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Last Updated: Friday, 15 August, 2003, 10:09 GMT 11:09 UK
Safer computing versus convenience
If we want secure computers, we have to give up the easy life, argues technology analyst Bill Thompson.

Computer user at home
Home users need to protect themselves from attack
The news that Microsoft is going to start shipping Windows XP with its various security features enabled by default should be welcomed, even if it is does not solve the bigger problem.

After all, it still leaves tens of millions of users with an operating system that was set up to make it easy for them to play online games and use e-commerce websites, and at the same time giving virus and worm writers lots of ways to attack their computers.

And that is to say nothing of the Windows 98, NT and 2000 installed base, where security is more a matter of hoping and installing third-party software than using anything provided by Microsoft.

But it is a start.

The decision to change the standard installation of XP is a result of this week's fuss about the MSBlast worm, which has infected hundreds of thousands of internet-connected computers and continues to cause problems on the net.

This could get significantly worse on Saturday when infected computers are programmed to send fake requests to the Microsoft website and try to make it inaccessible.

Firewall trouble

MSBlast is another embarrassment for Microsoft, but it could mark a turning point in how we think about online security.

At last ordinary Windows users will have to do something - actually turn off their firewall - if they want to expose themselves to risk.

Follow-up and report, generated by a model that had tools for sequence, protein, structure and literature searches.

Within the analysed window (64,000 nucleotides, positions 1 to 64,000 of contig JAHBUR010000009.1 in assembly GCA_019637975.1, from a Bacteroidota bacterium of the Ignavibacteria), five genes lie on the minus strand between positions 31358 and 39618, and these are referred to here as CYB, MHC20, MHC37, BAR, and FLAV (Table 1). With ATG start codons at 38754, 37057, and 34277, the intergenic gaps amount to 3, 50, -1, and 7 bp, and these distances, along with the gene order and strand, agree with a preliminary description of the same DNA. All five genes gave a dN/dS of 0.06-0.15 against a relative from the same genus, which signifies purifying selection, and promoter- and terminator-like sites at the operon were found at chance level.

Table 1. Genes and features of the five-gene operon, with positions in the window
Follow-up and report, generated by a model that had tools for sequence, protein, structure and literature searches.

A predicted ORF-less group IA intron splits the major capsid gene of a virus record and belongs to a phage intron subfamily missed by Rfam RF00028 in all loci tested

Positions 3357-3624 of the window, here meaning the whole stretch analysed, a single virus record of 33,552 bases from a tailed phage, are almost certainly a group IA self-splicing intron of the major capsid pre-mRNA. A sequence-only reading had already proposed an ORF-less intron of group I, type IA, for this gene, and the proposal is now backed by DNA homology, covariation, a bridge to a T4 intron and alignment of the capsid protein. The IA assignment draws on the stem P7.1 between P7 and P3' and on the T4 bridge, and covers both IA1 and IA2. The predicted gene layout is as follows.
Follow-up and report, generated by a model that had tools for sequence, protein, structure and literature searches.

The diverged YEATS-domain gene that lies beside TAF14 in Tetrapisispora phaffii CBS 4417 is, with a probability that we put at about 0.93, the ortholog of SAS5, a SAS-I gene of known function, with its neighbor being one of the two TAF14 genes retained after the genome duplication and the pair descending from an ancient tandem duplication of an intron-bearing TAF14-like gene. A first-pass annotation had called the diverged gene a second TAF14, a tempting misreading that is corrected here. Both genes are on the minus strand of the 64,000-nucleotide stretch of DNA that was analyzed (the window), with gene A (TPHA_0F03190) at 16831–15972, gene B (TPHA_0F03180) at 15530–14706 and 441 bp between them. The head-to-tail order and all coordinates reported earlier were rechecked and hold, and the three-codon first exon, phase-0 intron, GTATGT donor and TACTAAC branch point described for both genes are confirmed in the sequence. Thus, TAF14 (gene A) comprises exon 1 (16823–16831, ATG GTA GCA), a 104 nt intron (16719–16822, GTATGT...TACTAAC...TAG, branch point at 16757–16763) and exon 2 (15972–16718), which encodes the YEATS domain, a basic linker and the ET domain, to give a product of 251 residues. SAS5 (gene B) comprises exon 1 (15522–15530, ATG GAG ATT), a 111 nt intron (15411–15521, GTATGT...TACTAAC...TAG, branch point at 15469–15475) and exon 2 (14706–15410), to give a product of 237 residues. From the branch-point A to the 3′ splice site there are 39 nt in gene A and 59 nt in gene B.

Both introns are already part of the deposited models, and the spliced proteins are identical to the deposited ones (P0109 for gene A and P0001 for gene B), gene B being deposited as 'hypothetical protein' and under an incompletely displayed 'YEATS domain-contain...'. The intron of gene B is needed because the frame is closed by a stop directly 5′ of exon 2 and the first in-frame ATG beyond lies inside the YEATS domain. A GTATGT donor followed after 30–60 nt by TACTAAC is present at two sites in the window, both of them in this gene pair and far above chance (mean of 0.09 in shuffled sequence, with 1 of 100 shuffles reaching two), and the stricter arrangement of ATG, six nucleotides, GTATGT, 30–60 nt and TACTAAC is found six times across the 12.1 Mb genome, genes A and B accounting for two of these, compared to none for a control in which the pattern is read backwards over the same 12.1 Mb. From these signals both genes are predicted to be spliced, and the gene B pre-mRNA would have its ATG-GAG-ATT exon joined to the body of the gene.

So far everyone has been so focused on ease of use and not getting in the way that they have designed and built systems which are intrinsically insecure.

Then it is been left to untrained, unskilled and unaware users to make the changes which limit risks. Few of us, even the technically skilled among us, bother to do this. And few of us do it all the time.

For example, a few weeks ago I was working in an office and wanted to plug my laptop into their network so I could get online. Each time I wanted to do this I had to configure the firewall client on my computer to talk to their server.

One day I noticed there was a wireless network in the office next door that I could connect to a lot more easily.

Bill Thompson
So far everyone has been so focused on ease of use and not getting in the way that they have designed and built systems which are intrinsically insecure
Bill Thompson

Unfortunately I had disabled my personal firewall in order to work with the office network, and I forgot to turn it back on again when I started piggy-backing on this other, wireless, network.

The result was that I got infected with the BugBear virus and had to spend a happy hour cleaning my system.